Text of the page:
Working from home is one of the many major social shifts brought by COVID-19. For the first time, millions of individuals are managing important work data outside of their workplace. Maintaining data protection in the workplace, where IT security officers manage the network and staff are in their job mindset, may be challenging enough. However, working at home introduces a new series of complications.

Our IT protection experts offer solutions for keeping your data secure when operating from home, from securing your home WiFi network to preventing getting deceived by negative social networking trends. Additionally, you will apply a few of the best practices outlined in our IT protection reference to the current scenario.

The following are some home internet protection tips that you can use to protect your computer.

Utilize your work device but safeguard it

Utilizing the personal computer for business purposes creates many possible vulnerabilities. It is likely to have a more significant number of non-essential programs enabled, such as gaming or torrenting apps, which could have been shared with other family members.

Therefore, it is preferable to obtain approval from your employer before bringing your machine home. However, your work computer is certainly already equipped with most of the programs and documentation necessary to do your job.

However, a necessary component of remotely accessing your work computer is recreating the safe atmosphere of your workplace. Allow no one else to use the work computer. Even if you operate from home with family, you should still keep your work computer safe. If you get up from your laptop, you can lock the computer at the very least.

Employers may also emphasize the importance of reporting missing or infected computers promptly such that Employers should take appropriate measures to protect confidential data.

Verify that all data is secured during storage.

Encrypt the hard drives of your work devices. This way, even though your device or phone is broken, your confidential data would stay safe. Android, iOS, macOS, and Windows devices all come equipped with built-in encryption schemes, but users must activate them. Additionally, make a note of your recovery code and keep it in a safe location.

Secure your accounts with strong, one-of-a-kind passwords.

Your job accounts’ credentials are the first line of security. Therefore, any of your profiles should have a unique, strong password (at least 16 characters long).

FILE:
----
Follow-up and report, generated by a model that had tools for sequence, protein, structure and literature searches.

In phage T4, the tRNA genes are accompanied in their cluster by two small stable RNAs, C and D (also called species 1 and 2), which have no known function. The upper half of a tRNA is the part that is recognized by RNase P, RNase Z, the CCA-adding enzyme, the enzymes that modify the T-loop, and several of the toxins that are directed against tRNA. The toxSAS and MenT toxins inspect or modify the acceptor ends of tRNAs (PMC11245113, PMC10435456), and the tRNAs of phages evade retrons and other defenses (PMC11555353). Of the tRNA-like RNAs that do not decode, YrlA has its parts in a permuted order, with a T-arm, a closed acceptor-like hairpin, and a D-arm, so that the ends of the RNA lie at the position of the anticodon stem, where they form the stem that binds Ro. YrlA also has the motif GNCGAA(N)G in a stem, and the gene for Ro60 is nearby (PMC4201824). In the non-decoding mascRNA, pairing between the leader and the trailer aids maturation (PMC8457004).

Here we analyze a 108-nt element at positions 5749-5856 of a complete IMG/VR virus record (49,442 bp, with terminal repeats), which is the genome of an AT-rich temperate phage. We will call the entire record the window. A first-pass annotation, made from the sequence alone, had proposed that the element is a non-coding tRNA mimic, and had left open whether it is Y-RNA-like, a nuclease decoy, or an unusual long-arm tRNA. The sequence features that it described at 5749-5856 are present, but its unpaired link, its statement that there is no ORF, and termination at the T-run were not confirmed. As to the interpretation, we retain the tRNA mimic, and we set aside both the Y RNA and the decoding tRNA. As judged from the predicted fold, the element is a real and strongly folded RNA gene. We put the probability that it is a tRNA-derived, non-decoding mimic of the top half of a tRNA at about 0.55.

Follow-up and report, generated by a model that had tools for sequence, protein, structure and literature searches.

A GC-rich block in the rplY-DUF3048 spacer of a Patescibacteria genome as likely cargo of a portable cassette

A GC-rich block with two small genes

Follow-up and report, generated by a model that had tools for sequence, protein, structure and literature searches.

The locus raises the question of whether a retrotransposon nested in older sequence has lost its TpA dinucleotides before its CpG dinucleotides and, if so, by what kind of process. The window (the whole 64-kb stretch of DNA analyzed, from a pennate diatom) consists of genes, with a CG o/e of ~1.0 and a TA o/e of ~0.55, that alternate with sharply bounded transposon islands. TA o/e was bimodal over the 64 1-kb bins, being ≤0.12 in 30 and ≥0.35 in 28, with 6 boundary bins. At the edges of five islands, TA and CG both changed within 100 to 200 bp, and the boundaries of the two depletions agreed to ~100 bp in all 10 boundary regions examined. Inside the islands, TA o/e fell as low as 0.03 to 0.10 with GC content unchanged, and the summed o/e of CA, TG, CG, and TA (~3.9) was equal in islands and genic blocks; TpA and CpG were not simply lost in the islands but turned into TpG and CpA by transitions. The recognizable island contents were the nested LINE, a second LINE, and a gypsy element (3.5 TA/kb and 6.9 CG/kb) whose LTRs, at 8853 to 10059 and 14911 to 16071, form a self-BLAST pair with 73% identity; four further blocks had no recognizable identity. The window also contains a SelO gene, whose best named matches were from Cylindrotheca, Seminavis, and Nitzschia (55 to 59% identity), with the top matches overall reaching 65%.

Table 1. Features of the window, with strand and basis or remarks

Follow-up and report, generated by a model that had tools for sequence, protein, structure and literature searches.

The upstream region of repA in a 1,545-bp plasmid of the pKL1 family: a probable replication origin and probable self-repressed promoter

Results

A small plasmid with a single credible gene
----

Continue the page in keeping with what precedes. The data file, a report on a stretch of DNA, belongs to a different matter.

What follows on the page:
Two-factor authentication should be allowed on all of your accounts.

By enabling two-factor authentication (2FA) on your accounts, you will protect them from hostile third parties even though your password is breached. The most stable types of 2FA are apps that create one-time keys, such as Authy, or a hardware 2FA token, such as YubiKey. If you’re unsure if your provider allows two-factor authentication, you can search for this detailed collection.

Change the password for your home WiFi.

The majority of routers come pre-configured with a password. Unfortunately, these default passwords are often short (less than 16 characters) and spread through many routers, rendering them easily guessable. Even if you changed the password on your router when you first set it up, it’s worth changing it again, mainly if you shared it with others. To login to your router panel, open the IP address or in your web browser.

Disable broadcasting of the network’s name

Through disabling network name broadcasting, you will protect your WiFi network from malicious actors. It would prohibit your network from immediately appearing on any screen with WiFi enabled and mainly prevent anyone from linking to your WiFi invisibly. As long as you recognize the name of your WiFi network, you are not required to share it continuously; even if your work gadget has already signed in to your WiFi network, it can recall the link even if you disable the network name broadcasting. In your router’s settings, you can disable network name broadcasting (or SSID broadcasting).

Utilize a VPN

Utilize a trusted VPN to protect your online activities from trackers and your Internet service provider. ProtonVPN is an open-source, independently audited VPN provider that maintains no logs and has several protection features; unfortunately, these protection features such as Secure Core, a Kill Switch, and full-disk encryption.

Maintain current versions of both operating systems, services, and software

Software upgrades daily to address recently found glitches and weaknesses. If you are running an out-of-date app or operating system, the smartphone is vulnerable to known attacks.